“This is a project where everybody wins: the villages will get power, the cliffs won’t be damaged and it will be a work of art.”- Hiro Yamagata
Sometimes, I wake up with a sense of urgency, and I immediately pull for my phone.
The world is happening.
I see something pretty: a elderly woman in orange chiffon against a bright red rose bush, and I pull again. On the subway home from a gathering last night, a sea of people pour in from the game, just letting out. I go to pull, but I pause.
I spent half my life on the soccer field, phoneless, nothing to pull. Just me and my objective. To win.
Inside that idea of winning, there are core athletic values regarding character, endurance, and sportsmanship. Somewhere, along the line, however, in our careers, we are told these values do not matter if we want to get ahead in the world. We will have to to accept poor social behavior in the name of authority. I’m so tired of this. Charlie Sheen, I am tired of your idea of winning.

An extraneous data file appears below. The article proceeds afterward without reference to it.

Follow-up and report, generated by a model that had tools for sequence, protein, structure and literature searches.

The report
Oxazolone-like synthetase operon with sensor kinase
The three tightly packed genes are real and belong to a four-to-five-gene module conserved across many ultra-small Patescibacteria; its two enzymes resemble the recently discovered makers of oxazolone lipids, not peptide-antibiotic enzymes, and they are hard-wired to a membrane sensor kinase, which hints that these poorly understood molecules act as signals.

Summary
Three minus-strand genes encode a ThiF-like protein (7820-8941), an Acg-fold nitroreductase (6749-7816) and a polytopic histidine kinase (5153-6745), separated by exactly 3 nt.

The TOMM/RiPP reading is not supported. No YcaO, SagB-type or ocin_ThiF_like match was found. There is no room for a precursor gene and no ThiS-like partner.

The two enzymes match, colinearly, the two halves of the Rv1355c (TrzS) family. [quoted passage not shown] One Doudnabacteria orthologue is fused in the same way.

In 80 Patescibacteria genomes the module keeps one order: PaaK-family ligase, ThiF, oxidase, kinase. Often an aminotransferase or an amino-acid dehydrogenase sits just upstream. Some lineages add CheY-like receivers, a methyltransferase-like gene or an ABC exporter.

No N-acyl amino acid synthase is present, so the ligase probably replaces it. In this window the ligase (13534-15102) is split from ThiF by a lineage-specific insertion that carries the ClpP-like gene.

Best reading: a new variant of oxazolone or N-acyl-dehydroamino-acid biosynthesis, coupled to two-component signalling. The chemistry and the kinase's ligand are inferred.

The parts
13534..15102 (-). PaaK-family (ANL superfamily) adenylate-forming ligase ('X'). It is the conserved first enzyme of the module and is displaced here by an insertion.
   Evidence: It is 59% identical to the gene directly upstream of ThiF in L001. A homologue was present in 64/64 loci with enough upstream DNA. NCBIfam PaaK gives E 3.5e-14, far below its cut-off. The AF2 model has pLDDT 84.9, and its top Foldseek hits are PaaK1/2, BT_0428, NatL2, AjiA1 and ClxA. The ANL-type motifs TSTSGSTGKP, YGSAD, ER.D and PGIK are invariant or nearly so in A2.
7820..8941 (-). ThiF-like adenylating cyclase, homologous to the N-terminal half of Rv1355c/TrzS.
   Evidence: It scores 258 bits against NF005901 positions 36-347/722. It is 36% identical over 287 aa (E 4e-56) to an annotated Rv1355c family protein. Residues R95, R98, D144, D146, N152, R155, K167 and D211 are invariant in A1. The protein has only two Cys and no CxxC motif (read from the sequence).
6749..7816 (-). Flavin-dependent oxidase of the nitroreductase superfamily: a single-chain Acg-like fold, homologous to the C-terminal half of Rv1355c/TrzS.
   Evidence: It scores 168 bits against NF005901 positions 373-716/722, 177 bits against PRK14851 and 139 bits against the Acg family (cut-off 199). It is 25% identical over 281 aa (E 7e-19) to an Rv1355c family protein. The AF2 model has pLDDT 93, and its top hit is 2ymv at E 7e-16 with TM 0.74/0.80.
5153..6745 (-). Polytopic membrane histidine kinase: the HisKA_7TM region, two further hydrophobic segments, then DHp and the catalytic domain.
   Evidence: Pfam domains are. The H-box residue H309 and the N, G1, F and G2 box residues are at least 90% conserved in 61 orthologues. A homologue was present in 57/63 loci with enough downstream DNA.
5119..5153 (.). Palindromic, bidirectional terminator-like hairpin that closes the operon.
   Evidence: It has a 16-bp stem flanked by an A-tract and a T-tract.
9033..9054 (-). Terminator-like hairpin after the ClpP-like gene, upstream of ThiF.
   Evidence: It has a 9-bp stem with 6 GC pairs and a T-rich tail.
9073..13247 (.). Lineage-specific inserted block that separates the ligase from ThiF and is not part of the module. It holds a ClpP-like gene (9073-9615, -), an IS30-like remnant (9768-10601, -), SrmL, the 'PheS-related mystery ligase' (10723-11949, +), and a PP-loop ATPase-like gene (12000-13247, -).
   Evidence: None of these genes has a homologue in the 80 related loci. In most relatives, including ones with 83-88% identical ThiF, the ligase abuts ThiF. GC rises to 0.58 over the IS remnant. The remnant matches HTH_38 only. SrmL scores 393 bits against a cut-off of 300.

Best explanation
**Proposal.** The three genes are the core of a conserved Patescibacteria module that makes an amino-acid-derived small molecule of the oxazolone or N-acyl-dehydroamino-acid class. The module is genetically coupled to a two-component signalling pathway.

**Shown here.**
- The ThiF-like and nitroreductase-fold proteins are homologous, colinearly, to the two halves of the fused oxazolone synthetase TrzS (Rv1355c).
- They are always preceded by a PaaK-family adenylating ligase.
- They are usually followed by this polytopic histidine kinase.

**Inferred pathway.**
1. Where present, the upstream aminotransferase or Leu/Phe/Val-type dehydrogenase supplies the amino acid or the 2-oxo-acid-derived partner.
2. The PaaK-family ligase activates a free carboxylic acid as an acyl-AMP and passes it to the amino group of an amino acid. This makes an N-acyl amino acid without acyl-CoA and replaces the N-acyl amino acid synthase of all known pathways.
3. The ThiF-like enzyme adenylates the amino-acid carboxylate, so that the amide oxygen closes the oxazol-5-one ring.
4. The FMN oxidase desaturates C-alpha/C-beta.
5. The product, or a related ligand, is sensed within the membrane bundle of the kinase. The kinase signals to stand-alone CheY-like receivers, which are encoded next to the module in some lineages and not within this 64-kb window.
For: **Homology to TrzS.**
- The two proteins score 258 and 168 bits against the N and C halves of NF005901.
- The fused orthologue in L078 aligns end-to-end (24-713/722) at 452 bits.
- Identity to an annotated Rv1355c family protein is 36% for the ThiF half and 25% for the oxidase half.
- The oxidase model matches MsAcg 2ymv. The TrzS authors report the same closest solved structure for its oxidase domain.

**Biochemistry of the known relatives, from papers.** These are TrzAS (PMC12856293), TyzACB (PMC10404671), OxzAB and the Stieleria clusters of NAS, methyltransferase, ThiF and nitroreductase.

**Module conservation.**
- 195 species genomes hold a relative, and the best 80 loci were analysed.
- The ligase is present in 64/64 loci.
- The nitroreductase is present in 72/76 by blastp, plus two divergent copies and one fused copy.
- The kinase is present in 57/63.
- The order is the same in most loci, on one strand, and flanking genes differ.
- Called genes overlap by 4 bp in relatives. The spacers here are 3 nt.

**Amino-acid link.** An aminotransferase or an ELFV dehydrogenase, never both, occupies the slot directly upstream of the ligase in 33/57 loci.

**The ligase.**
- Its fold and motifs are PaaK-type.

The man at the party will tell you it’s reality. He will order you a drink and stand with good posture, entertaining two of your ideas, until it’s time for him to retire to other, more powerful folks. He will be looking to eat. You will have no appetite. You are not going to sleep with him.
You will think: I want to get back to that place. The field. The village with power. The undamaged cliffs.
I want to watch eggs sweat while I drink my coffee with the backdoor open, writing and painting leisurely for fun. I want to throw my phone out the window.
I want the project to be over.